Sometimes people ask me why I bother with social media. I can’t really blame them – after all, it takes a lot of time away from actual writing. But I always just explain that there are two reasons: for one thing, it’s nice to have social interactions. If you spend all your time either writing or taking care of small children, like I do, you get hungry for any conversation that doesn’t start with a plea for more My Little Pony.
The second reason, however, is this: The Powers That Be in the publishing industry –my industry—pay attention to social media, so I think I should, too.
When an agent or publisher is considering working with you, one of the things they will look into is your “platform,” which more or less translates to your reach. The logic is that the more people you, the author, can reach by yourself, the fewer the publisher has to find with expensive advertising. Twitter, Facebook, Instagram, this blog that you’re reading right now, these are all ways that you can reach people.
Until about three weeks ago, however, my Twitter numbers were abysmal: 368 followers. For an author with a long-term blog and four books out, that’s pretty bad. Most authors I know about have at least a thousand followers, and the truly successful authors have many thousand or even tens of thousands. But I had no idea how to get more followers.
I knew that my Tweets themselves weren’t the problem: I’d done some research on what followers look for in author Tweets, and I’d taken some good advice and aimed for the one third rule: one third of an author’s posts should be writing-related (progress reports on your current work, teasers, cover reveals, etc). One third should be their personal stuff, which I mostly count as reactions to other books, TV, movies, etc. Finally, the last third should be retweets or comments on industry stuff. For example, I’ll retweet a really thoughtful blog from Chuck Wendig, or share a great Publisher’s Weekly article.
So my tweets themselves were okay, but my number of followers was tiny. And for the longest time, I just had no idea what to do about it, other than keep a Twitter button on my website and occasionally beg my Facebook friends to go cross-pollinate. I also knew the cardinal rule of Twitter, that your number of followers should always be higher than the number of people you follow, but it wasn’t particularly getting me anywhere. People just weren’t finding me.
Early this month, I decided it was time to step up my game, and started really looking at alternative ways to boost my followers. It wasn’t just about a number – I was also interested in looking at what Twitter could do for me, and what I could do for the people on Twitter. If I started looking at the site as a tool specifically for business (as opposed to Facebook, which I use first and foremost to keep in touch with friends and family), I needed to look hard at what I was doing with numbers.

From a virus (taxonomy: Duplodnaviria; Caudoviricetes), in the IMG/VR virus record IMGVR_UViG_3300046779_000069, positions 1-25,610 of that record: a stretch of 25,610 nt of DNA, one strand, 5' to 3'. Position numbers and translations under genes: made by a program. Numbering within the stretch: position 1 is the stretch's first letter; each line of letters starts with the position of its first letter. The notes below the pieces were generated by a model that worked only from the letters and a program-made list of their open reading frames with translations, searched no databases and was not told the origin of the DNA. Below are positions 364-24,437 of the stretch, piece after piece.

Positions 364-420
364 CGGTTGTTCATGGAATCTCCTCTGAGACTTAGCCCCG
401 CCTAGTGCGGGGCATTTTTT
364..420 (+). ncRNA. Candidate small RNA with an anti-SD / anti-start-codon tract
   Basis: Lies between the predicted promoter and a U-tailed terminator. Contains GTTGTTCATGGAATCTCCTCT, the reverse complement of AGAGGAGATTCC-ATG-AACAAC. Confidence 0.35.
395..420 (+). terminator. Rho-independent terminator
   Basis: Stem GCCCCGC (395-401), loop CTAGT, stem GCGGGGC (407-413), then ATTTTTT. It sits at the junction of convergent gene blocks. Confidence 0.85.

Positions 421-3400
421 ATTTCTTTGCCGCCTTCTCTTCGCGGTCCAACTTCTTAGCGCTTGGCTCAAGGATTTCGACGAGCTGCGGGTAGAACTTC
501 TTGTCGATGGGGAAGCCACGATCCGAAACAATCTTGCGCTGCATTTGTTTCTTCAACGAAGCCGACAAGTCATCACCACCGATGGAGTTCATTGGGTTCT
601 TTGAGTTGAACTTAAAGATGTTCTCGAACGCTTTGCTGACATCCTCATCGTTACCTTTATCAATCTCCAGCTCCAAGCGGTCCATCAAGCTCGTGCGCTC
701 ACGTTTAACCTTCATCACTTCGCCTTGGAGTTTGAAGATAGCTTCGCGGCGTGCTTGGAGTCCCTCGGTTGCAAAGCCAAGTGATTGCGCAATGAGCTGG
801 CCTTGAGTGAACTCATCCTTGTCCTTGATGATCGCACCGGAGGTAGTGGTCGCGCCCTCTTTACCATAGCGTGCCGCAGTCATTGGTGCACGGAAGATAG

My friend and fellow author Rob Kroese tipped me off to a website called Tweepi, which is sort of like an expansion pack for Twitter. You can get a basic account for free, and you use it to keep track of all the followers: who is following you, who they follow, and, very importantly, who isn’t following you back. The first thing I did was “flush” (Tweepi’s word, not mine) almost all my “unfollowers” – the people I had been following, who had never followed me back: celebrities, websites, magazines, etc. This was almost everybody.
I hung onto a few, of course: I still follow my friends (author and otherwise), plus a few big-name writers who post smart things, and some publications that revolve around the writing world. (Tweepi lets you put a little lock on those people, so you won’t accidentally unfollow them when you flush unfollowers later.) When I’d flushed everyone else, I still had 368 followers, but now I was only following maybe 60 people myself. Which left me with about 300 follows to work with.
See, as it turns out, the secret to gaining Twitter followers is on the surface rather simple: you follow people, and hope that they follow you back. If they don’t, you unfollow them and try someone else instead. Think of it like this: you have 300 invitations to your birthday party. You’ve already paid for everything; this party is happening, so you definitely want 300 guests. You hand out 300 invitations to people you like, the ones you think might really want to come. Of those 300, maybe 200 RSVP yes, they’d love to attend the party. But 100 people don’t respond to you at all. The only thing to do is to take back those 100 invitations and give them to someone else.
Seems pretty simple, right? But just as you wouldn’t throw birthday invitations at strangers, I realized that I couldn’t just pick random names to follow – well, I could, but that would be discarding the whole benefit of Twitter: building contacts with readers, reviewers, and other authors. That’s where the actual business value comes in, and I wasn’t about to give that up.
So how does one find 300 readers, reviewers, and authors? Tweepi has that covered. One of the things you can do on the site is easily follow someone else’s followers. Start with your favorite author, or an author whose work is similar to your own. For example, I first picked my friend Jack Horn, because he writes urban fantasy, like me (and it didn’t hurt that he’s a great guy). I put his Twitter handle, @thelinesavannah, into the Follow Followers function. And it spit out a list of ALL of Jack’s followers.
(I feel like I’m typing the word “follow” a lot. Like a lot.)